Author gives update on status of red wolves

BeelandPhotoT. DeLene Beeland, the author of “The Secret World of Red Wolves,” was the featured guest at the Endangered Wolf Center Speaker Series on Monday, Oct. 13. She shared insights and answered questions about this endangered species of wolf that once roamed in Missouri and Illinois.

Beeland updated the audience on the status of red wolves.

As red wolf numbers declined in the 1970s, the final ones were captured in a four-county region in Louisiana and Texas, Beeland said. Of the 17 animals deemed to be pure red wolves (excluding those that had bred with coyotes), only nine males and five females were capable of breeding.

Now, there are 60 to 65 collared wolves in the wild, perhaps 90 to 110 overall in the wild, and an additional 200 to 250 in managed breeding programs, she said.

She gave more distressing numbers on breeding pairs. The Red Wolf Recovery Program started with two breeding pairs in September 1987, the first predator release in the United States. After five years, the number climbed to five breeding pairs and grew to 21 pairs in 2003. By 2010, it declined to 13, and this year is at seven, Beeland said.

redShe attributed the decline in breeding pairs to what she termed “the twin threats” of illegal killing by humans and hybridization with coyotes. She noted a relationship between those threats, saying that the surviving mates of slain wolves are more likely than other red wolves to hybridize with coyotes.

She read a passage from her book about the extinction dates of red wolves in various states. In Missouri, she said, the last red wolf was fatally shot in Oregon County in 1942.

The U.S. Fish and Wildlife Service currently is conducting a rapid 60-day review of the program that manages red wolves in the wild. Results of the review will be used to make key decisions that may determine the fate of wild red wolves.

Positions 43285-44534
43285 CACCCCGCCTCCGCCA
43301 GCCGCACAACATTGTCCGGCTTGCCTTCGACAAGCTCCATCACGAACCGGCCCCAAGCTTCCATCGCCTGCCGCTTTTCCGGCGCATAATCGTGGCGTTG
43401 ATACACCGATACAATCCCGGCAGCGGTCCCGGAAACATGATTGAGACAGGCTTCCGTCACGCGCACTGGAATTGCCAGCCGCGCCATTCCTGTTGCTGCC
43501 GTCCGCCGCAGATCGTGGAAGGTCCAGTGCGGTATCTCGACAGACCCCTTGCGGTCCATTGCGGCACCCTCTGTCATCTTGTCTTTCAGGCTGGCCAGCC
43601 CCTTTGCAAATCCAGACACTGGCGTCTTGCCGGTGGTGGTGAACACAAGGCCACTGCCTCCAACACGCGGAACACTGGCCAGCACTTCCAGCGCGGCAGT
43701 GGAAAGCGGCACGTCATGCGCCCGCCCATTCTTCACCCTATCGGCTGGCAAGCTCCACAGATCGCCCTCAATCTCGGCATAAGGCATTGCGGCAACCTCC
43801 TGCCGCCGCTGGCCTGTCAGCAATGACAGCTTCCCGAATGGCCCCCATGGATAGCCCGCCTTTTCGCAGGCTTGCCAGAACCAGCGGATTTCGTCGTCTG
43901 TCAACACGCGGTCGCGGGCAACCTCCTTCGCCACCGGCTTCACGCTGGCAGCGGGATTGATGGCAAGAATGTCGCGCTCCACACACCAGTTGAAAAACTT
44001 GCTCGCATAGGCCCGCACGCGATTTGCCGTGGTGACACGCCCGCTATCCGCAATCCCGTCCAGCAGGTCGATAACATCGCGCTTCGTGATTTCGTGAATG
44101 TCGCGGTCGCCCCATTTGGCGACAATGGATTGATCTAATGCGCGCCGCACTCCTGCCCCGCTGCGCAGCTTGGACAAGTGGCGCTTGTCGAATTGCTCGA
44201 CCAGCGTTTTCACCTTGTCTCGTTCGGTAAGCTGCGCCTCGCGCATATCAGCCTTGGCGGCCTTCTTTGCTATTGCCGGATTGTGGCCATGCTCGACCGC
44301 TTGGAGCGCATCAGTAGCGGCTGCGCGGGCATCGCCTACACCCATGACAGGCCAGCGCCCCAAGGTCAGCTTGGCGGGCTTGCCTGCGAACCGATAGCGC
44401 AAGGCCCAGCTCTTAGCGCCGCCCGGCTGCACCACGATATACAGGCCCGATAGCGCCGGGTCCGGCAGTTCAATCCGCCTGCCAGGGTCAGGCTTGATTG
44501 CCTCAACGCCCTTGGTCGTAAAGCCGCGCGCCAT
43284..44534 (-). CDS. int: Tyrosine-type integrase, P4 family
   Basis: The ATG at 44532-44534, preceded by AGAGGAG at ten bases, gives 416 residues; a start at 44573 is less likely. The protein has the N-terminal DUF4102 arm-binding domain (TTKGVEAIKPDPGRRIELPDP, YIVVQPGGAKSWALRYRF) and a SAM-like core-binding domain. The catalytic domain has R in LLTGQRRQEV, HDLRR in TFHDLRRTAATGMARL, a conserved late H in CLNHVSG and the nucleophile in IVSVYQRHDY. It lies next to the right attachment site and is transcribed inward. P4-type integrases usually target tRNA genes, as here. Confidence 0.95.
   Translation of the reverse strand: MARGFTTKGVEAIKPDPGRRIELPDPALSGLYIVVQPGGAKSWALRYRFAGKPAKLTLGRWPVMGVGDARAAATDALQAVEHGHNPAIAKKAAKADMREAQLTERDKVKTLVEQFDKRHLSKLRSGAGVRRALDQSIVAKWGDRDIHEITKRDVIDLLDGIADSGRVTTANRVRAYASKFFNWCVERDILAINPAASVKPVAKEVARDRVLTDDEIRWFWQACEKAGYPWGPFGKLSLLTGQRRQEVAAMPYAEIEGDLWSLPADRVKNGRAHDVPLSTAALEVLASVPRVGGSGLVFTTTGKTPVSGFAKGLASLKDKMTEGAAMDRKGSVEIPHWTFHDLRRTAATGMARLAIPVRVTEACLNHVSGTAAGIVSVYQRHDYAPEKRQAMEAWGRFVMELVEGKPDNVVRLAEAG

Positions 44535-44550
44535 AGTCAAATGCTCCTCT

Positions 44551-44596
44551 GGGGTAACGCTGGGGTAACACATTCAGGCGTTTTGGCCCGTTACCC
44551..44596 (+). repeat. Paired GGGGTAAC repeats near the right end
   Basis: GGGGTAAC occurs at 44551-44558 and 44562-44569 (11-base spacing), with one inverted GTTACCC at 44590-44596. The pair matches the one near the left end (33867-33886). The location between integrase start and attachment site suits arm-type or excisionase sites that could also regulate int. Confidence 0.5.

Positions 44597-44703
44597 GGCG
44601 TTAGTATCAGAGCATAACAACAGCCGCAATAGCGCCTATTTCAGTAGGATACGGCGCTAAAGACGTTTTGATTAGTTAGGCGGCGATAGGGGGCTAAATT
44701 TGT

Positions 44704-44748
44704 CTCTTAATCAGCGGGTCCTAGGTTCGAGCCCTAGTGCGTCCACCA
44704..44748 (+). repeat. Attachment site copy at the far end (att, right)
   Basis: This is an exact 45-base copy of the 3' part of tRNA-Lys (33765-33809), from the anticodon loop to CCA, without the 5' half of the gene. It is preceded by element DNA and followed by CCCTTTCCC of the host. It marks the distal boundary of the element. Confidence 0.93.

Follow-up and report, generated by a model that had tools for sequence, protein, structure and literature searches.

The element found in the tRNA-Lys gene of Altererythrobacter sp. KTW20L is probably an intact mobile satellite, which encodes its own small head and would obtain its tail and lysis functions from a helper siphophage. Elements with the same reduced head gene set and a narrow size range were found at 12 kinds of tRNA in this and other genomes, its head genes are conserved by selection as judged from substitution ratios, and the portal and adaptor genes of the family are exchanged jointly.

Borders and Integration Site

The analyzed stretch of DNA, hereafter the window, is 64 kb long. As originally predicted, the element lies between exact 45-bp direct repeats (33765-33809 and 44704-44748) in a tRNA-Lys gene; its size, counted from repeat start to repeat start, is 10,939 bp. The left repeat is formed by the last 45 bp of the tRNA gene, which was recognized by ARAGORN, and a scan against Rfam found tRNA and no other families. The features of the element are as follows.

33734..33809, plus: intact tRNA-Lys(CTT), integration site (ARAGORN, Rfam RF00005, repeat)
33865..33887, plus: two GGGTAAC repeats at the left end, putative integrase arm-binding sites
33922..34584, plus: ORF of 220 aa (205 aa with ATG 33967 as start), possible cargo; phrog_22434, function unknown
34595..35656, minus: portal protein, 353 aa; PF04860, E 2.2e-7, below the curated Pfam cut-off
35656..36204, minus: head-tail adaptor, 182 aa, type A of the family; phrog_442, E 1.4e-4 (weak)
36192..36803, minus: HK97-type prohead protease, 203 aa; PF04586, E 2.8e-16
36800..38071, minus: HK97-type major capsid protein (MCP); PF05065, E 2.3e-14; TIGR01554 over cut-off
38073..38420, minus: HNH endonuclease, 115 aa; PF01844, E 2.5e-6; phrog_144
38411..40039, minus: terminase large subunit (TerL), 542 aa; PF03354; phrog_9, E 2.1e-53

Beeland is a nature and science writer who lives in Asheville, N.C., not far from the famed Blue Ridge Parkway. She holds a master of science in interdisciplinary ecology. She says she enjoys using her writing as a lens through which to learn about the natural world.

After her talk, she autographed copies of her book, which was sold in the Celeste Ruwwe Gift Shop at a discounted price.
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In “The Secret World of Red Wolves,” Beeland shadows the U.S. Fish and Wildlife Service’s pioneering recovery program over the course of a year to craft an intimate portrait of the red wolf, its history and its restoration. Her engaging exploration of this top-level predator traces the intense effort of conservation personnel to save a species that has slipped to the verge of extinction.

Beeland weaves together the voices of scientists, conservationists, and local landowners while posing larger questions about human coexistence with red wolves, our understanding of what defines this animal as a distinct species, and how climate change may swamp its current habitat.

“Having the opportunity to create this book was a gift,” she said. “It fills a gaping void in the literature of wild canids. By bringing together in one place the many disparate aspects of red wolf research, management, and field work, readers are transported into the history and landscape where red wolves roam.”

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